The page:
Wednesday, June 28, 2006

Recall vote fails

Many of you already know that the recall vote failed yesterday. I was watching one of the Chinese-language news channels when the vote took place, and as Kathrin Hille of the Financial Times explains:
As expected, the opposition failed to get the required two-thirds majority that would have led to a referendum on the recall of Mr Chen from office. Of the 221 legislators, 119 supported the motion, well short of the 148 votes needed.
Soon after the vote took place, the channel switched over to CNN, which was reporting on the recall. It sure was strange, and refreshing, to see CNN discussing the situation in Taiwan. They mentioned a poll that had Chen down to 30%, which if funny because all of the polls I have seen here make a big deal when Chen goes up to 20%. I'm not sure where CNN got this number from. Actually, I would also like to know more about the methodologies of the different Taiwan-based polling outfits. Not that I'm an expert, but it would at least be nice to know how many people polled are blue and how many are green. That is information American progressives have been demanding of pollsters, and I feel Taiwanese deserve the same.

Anyway, Hille goes on to discuss the possible next moves of the opposition:
After yesterday's vote, Mr Chen apologised for creating trouble, but appealed to the opposition to "close this chapter" and focus again on economic policy.

Analysts said the key question would be whether the opposition backed the cabinet's efforts to push through economic reforms. Ma Ying-jeou, chairman of the Kuomintang, the largest opposition party, and a favourite in the next presidential election scheduled for 2008, said the KMT would not block economic policy.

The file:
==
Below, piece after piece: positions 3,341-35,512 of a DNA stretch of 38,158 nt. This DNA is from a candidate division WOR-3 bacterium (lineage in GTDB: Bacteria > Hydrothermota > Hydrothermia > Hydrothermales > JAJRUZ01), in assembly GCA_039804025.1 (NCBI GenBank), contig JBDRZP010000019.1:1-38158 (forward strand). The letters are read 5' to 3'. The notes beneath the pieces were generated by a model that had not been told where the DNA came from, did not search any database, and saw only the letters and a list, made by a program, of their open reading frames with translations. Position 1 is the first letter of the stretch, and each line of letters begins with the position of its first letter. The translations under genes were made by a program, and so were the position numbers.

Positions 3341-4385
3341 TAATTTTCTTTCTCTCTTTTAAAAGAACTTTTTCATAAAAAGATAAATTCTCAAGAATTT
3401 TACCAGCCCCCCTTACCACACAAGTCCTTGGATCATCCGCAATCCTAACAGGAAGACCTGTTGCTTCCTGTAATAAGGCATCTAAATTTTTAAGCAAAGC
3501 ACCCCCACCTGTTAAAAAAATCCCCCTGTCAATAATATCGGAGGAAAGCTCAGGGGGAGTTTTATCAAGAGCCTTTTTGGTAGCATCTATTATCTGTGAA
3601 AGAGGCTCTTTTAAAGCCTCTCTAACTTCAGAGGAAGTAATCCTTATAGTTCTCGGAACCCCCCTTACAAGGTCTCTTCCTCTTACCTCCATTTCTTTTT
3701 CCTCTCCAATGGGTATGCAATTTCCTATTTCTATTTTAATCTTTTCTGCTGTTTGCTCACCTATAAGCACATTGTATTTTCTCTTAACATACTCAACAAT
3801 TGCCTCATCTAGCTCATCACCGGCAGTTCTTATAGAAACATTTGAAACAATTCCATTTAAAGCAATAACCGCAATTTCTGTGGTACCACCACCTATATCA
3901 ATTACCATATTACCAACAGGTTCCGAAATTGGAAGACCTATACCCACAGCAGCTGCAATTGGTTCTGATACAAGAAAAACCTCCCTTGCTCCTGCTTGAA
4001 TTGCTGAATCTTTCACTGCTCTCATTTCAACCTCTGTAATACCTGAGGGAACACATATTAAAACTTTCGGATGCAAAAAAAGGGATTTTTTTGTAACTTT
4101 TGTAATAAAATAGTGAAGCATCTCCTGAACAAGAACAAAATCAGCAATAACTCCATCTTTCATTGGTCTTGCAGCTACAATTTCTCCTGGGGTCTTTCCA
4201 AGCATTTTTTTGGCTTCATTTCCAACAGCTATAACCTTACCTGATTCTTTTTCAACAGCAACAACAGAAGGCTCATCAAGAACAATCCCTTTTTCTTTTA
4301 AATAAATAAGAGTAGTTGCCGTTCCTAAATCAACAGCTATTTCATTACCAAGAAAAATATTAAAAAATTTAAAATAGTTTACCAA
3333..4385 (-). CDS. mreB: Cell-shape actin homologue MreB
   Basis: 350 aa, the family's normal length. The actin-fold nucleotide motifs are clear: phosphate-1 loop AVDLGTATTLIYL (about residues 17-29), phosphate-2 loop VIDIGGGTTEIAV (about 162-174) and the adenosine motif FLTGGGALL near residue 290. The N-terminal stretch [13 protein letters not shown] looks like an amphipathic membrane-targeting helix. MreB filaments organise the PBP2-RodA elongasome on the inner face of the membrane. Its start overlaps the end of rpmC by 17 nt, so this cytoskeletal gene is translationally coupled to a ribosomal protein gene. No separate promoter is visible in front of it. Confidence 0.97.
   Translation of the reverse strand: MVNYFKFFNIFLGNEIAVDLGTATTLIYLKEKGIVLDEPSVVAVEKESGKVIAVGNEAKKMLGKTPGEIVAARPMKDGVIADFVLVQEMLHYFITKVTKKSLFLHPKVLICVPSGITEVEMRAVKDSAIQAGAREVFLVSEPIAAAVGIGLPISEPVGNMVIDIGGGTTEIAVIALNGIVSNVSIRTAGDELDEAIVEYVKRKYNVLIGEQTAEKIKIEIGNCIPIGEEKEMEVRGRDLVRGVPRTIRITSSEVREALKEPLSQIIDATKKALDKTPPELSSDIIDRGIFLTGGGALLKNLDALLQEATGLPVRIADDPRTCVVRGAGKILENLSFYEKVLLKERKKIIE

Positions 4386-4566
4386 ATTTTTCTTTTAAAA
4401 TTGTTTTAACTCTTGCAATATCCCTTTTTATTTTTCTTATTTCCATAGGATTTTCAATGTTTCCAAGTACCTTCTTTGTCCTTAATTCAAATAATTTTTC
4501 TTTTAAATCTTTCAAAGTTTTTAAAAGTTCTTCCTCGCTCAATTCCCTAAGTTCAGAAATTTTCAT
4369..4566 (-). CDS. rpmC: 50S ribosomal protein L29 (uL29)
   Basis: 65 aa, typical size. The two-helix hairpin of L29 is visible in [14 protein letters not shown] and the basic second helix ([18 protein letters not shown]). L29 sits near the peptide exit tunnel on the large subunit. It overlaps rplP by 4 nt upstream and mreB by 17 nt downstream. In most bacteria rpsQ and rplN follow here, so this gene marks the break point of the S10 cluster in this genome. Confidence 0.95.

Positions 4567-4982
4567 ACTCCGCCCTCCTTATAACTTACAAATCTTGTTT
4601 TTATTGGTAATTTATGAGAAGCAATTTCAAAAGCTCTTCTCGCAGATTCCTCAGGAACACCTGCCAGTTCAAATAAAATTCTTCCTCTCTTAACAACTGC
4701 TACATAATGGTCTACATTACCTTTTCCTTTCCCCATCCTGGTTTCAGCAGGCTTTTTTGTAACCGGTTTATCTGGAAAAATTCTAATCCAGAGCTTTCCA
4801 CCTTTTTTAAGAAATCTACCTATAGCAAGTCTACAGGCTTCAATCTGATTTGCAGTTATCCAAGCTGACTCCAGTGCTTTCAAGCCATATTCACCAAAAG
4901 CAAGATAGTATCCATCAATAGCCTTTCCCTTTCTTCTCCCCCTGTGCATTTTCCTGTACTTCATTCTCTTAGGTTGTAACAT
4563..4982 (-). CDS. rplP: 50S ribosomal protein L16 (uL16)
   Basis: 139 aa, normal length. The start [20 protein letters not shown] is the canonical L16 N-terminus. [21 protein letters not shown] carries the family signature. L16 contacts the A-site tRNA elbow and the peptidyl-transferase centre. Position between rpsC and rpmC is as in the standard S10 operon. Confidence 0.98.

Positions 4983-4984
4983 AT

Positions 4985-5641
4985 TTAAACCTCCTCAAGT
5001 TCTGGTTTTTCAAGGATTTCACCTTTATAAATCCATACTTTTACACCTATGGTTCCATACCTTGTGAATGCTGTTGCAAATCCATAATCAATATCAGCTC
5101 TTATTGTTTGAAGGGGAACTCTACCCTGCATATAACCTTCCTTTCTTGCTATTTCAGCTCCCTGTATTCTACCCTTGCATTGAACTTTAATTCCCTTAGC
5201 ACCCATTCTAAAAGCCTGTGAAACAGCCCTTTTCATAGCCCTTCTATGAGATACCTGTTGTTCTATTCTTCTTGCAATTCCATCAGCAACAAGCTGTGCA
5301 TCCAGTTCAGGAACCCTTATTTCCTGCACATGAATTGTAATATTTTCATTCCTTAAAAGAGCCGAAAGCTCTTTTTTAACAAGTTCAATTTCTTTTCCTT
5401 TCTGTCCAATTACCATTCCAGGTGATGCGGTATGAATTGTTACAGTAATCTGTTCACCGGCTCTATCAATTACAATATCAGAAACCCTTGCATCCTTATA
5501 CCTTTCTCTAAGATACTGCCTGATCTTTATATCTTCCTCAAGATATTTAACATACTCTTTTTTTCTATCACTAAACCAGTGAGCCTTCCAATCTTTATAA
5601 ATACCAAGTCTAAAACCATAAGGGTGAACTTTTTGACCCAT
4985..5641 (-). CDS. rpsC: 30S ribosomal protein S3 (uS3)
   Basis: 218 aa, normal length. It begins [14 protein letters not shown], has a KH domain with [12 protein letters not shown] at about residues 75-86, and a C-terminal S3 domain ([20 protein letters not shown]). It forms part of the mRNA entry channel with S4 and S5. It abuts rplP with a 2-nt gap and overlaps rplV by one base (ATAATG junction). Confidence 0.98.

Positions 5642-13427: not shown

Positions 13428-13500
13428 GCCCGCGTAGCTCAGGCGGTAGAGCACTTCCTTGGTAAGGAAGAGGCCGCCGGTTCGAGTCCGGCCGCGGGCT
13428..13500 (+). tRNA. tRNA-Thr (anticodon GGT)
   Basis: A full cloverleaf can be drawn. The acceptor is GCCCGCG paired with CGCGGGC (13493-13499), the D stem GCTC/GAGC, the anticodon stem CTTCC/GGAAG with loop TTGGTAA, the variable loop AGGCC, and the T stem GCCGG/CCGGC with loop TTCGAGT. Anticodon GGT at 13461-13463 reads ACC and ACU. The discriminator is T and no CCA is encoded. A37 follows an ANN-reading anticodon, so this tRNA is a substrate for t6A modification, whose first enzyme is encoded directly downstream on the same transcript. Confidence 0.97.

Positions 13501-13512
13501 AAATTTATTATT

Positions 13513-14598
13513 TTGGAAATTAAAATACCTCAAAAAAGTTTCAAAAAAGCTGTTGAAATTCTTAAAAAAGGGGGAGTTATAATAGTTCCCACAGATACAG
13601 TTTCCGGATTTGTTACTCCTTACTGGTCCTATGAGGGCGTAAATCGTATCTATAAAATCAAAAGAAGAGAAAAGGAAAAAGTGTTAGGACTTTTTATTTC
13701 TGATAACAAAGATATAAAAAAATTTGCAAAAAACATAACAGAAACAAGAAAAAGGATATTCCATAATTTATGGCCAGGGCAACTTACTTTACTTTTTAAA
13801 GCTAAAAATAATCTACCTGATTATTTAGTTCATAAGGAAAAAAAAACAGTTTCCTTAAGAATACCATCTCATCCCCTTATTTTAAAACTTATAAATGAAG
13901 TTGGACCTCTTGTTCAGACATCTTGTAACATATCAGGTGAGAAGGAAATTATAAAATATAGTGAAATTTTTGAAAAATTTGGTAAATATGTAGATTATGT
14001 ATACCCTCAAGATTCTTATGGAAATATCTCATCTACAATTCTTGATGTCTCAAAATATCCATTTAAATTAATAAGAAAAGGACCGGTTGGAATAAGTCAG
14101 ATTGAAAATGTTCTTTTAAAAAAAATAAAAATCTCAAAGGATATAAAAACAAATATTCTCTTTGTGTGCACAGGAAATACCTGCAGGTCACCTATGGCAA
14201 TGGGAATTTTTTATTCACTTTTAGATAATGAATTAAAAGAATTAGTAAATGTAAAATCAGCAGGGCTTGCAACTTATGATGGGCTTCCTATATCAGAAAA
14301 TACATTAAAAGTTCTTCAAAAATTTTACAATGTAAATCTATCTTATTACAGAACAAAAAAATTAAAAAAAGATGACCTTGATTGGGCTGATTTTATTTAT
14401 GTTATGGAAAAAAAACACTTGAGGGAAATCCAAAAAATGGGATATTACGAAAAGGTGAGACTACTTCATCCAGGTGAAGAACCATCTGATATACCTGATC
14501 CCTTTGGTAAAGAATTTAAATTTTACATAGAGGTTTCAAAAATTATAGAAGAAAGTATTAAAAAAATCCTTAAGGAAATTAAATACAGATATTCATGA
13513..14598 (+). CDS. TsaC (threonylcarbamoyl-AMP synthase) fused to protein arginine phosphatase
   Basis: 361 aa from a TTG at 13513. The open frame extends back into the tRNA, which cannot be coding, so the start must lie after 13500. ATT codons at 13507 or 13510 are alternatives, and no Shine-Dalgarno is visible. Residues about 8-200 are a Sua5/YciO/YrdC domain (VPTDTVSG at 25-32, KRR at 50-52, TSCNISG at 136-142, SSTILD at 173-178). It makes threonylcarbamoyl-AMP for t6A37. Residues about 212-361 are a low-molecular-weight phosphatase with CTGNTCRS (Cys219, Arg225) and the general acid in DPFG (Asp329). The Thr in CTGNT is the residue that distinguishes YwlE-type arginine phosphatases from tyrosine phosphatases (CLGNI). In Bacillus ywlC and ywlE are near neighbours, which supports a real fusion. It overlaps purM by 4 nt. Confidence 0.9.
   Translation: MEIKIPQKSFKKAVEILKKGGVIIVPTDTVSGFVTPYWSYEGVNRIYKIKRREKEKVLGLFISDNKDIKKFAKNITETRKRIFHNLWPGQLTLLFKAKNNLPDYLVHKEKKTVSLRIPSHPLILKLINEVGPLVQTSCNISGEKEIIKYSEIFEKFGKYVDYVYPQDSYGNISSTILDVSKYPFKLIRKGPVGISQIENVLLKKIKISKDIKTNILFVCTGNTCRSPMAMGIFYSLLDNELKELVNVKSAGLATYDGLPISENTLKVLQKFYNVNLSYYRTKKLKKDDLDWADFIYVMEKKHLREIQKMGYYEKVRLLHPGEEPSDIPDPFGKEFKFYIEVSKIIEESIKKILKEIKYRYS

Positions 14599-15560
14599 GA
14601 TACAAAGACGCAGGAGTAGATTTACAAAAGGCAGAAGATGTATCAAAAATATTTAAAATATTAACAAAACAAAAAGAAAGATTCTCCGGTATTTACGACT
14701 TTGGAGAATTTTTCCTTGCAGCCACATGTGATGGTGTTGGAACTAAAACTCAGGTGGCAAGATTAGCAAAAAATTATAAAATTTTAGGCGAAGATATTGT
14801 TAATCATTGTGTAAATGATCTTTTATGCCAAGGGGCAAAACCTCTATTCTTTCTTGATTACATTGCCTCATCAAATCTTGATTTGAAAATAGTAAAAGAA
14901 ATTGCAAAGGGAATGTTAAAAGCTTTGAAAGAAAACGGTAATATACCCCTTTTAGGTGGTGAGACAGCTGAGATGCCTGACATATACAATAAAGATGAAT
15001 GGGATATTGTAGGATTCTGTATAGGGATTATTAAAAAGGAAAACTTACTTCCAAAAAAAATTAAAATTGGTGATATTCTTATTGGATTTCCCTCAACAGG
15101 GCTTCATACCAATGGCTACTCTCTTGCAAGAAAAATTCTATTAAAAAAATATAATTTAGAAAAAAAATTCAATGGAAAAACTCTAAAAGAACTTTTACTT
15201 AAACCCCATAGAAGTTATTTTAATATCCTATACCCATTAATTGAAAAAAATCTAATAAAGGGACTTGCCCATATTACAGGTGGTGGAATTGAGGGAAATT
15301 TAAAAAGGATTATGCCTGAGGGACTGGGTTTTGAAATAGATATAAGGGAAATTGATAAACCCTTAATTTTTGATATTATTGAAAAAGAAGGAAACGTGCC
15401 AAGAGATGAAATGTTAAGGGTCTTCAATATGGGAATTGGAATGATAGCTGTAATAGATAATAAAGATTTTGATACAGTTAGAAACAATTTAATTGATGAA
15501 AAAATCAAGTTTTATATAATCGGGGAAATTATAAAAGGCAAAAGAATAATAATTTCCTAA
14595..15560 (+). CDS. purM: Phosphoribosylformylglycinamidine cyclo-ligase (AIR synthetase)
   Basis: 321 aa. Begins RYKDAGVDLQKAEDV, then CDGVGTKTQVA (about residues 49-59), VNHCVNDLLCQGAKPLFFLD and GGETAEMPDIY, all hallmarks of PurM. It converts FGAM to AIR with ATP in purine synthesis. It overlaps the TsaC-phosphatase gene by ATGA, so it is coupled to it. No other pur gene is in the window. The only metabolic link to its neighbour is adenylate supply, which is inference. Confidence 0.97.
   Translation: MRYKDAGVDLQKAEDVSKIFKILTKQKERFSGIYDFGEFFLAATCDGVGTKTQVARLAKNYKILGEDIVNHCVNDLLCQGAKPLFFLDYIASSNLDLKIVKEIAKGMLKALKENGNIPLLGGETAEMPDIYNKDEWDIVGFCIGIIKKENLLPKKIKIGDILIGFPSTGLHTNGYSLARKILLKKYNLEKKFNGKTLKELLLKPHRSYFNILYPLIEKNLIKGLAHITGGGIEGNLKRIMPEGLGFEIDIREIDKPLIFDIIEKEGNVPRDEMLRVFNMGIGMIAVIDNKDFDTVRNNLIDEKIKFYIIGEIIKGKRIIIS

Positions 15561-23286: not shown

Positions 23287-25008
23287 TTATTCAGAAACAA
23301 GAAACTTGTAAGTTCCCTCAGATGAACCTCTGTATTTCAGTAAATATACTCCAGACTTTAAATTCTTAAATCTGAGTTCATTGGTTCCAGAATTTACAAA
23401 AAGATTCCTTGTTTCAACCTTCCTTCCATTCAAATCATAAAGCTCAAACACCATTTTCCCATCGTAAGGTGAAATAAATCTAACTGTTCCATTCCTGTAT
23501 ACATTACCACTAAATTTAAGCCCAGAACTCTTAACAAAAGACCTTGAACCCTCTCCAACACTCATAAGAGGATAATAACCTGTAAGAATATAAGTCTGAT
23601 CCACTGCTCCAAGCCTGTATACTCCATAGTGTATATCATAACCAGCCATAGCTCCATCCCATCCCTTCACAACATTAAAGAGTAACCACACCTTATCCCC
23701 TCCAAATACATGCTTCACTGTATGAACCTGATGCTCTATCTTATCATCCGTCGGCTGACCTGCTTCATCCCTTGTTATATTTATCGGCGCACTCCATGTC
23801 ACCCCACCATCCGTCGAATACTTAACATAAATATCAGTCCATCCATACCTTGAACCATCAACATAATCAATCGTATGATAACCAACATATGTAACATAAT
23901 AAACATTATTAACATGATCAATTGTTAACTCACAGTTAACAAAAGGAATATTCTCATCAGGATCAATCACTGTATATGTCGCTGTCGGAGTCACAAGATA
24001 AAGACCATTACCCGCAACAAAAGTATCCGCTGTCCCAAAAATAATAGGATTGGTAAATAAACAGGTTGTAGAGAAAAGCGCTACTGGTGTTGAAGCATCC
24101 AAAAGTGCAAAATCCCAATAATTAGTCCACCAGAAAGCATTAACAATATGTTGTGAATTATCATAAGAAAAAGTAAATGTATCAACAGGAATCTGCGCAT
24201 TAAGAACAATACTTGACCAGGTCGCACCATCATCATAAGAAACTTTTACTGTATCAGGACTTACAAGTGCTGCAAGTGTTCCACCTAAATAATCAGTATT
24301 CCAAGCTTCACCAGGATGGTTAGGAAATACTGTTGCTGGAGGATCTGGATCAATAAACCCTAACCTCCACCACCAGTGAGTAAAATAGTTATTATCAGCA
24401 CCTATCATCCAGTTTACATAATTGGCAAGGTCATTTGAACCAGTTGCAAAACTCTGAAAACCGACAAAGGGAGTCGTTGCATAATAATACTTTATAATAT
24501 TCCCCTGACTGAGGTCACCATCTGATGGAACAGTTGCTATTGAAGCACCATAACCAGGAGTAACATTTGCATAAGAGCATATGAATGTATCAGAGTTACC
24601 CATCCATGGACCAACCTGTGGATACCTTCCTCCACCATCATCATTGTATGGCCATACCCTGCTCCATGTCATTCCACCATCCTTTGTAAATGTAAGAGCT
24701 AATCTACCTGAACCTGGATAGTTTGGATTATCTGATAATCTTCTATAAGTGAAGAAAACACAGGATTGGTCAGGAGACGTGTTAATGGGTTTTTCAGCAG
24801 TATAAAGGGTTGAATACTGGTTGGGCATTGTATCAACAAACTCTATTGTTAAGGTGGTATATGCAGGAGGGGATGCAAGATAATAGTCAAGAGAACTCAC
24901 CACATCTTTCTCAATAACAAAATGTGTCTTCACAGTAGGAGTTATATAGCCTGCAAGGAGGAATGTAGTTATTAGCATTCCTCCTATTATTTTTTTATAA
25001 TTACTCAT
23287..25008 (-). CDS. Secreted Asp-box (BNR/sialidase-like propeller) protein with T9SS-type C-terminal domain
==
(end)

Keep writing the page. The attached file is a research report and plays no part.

However, the opposition is determined to keep criticism of Mr Chen's alleged misconduct at the top of the political agenda. Mr Ma said the party would continue to collect signatures for a petition to recall the president, which 1.7m people had signed by yesterday. During parliament's summer recess, KMT legislators are to hold more than 1,000 events highlighting the president's supposed shortcomings.

How fast this could lead to further political upheaval remains to be seen. The People First party, the KMT's smaller ally, said after the recall vote that it would demand a vote of no-confidence against Su Tseng-chang, Taiwan's premier.

A no-confidence motion must be proposed by one third of members of parliament, and can be passed with an absolute majority. The PFP hopes Mr Chen would react by dissolving parliament, and that in the ensuing elections the opposition would win a majority large enough to succeed with another recall motion.
However, the opposition is merely making an assumption that they would win a majority if such a hypothetical were to manifest itself.


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